“The Woman in an Imaginary Painting”

The days have a roundness,
morning and night, darkness
and light, turn and return,
the months, the seasons.

In her kitchen, the yellow
wall holds a flatness
against which her nakedness
curves, lovely as the blush

at her throat. Everything
here glows, as her hair does
the color of cornmeal,

while somewhere a millstone
grinds, fine and finer, grinds
one day, grinds another.

“The Woman in an Imaginary Painting”

She did not stop
living when he stopped

painting. She went on,
no longer his

model, no longer
the woman being

painted. She had
a lover. She had

a thousand dreams
of orgasm and

the wisdom those
moments offered.

Even now, all these
years later, she

remembers and her
flesh still trembles,

and she goes on,
beyond the paint,

beyond what paint
ever promised.

“The Woman in an Imaginary Painting”

is not

She knows that.
She poses
as she breathes,

The world fills
with the light

which comes
out of her.
The paint hums

as it dries,
as imagination
sets its edge,

so the painter
not longer has
what he dreamed.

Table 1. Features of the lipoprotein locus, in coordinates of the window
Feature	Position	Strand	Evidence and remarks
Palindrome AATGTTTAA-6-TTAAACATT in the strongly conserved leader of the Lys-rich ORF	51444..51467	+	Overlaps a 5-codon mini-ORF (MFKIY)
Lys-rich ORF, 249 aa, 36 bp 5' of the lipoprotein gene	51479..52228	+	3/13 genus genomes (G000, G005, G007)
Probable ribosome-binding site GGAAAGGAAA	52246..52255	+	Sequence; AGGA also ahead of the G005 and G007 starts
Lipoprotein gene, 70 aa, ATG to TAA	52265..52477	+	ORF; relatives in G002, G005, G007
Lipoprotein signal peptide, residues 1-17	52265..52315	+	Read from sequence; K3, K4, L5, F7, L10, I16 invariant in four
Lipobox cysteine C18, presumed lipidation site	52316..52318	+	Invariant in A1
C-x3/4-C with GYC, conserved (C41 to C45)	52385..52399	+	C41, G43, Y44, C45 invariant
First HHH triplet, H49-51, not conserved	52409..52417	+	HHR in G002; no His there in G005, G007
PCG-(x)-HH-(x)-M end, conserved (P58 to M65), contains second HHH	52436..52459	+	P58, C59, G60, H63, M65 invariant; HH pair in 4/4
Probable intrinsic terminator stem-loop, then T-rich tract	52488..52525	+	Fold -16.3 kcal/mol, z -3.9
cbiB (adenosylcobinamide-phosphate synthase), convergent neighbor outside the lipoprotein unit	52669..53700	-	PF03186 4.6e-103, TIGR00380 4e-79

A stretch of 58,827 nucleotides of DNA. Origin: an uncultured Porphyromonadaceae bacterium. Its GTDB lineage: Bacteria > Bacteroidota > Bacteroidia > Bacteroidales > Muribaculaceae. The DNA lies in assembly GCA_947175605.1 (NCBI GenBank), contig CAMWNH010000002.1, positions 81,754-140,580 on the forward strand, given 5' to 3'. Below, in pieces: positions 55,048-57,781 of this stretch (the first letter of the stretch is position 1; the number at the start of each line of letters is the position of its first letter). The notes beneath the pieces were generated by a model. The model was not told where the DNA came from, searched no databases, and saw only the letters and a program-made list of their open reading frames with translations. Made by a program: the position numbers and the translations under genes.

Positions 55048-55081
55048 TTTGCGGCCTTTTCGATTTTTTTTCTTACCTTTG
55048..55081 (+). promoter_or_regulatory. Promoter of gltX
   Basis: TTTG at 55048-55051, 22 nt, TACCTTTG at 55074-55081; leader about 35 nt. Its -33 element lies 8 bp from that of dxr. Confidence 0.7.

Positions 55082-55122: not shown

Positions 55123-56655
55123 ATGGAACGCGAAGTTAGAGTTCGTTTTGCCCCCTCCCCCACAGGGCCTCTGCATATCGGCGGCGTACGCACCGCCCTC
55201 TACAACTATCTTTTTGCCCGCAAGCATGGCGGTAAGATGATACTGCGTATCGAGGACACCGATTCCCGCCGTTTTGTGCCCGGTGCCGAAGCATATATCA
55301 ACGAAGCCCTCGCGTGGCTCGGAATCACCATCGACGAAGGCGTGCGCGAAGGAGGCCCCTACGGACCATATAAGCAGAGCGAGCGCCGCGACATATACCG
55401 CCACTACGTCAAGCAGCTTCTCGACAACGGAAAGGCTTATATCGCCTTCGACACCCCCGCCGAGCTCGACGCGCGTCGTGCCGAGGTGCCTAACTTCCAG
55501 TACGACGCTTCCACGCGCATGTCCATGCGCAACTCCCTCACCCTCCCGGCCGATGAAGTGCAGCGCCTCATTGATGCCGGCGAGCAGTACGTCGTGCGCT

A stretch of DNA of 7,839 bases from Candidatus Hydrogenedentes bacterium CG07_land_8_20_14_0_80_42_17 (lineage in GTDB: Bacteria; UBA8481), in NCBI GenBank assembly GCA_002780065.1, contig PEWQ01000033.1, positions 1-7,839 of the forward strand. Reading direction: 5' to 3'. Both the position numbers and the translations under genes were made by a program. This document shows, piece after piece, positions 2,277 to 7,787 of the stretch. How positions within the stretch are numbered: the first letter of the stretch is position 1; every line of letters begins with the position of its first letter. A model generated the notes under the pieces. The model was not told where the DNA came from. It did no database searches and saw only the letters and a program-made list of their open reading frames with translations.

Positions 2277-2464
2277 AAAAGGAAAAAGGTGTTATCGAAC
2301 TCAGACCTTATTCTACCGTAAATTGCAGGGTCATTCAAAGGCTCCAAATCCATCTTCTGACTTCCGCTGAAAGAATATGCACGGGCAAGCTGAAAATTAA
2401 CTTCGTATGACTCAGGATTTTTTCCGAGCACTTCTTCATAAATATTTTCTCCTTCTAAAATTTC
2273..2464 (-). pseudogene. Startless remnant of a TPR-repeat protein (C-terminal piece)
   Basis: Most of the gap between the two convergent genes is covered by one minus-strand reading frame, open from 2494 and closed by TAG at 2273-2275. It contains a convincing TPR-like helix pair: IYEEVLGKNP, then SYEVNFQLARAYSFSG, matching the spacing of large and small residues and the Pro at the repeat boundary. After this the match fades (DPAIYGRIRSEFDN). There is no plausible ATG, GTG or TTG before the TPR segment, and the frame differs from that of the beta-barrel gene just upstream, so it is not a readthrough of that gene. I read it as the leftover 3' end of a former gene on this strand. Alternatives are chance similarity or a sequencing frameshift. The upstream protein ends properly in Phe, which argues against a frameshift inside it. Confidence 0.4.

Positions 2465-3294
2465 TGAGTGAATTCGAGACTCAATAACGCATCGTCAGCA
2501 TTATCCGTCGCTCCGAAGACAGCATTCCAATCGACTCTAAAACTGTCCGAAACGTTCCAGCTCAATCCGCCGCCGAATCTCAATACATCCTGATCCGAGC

“The Woman in an Imaginary Painting”

If there were
stars in the world
she inhabits
perhaps we could

what sadness is.
We know the sun
has touched her

gold-spun hair.
Has light from
other stars
touched her skin,

the firmness
of her breasts?
We can’t say.
We only know

loss is to her
as darkness
is to night.

“The Woman in an Imaginary Painting”

The more
I look

at her
the more

she bleeds

this world.
I hold

my breath
and wait.

Tom Montag’s books of poetry include: Making Hay & Other Poems; Middle Ground; The Big Book of Ben Zen; In This Place: Selected Poems 1982-2013; This Wrecked World; The Miles No One Wants; Imagination’s Place;  Love Poems; and Seventy at Seventy. His poem ‘Lecturing My Daughter in Her First Fall Rain’ has been permanently incorporated into the design of the Milwaukee Convention Center. He blogs at The Middlewesterner. With David Graham he recently co-edited Local News: Poetry About Small Towns.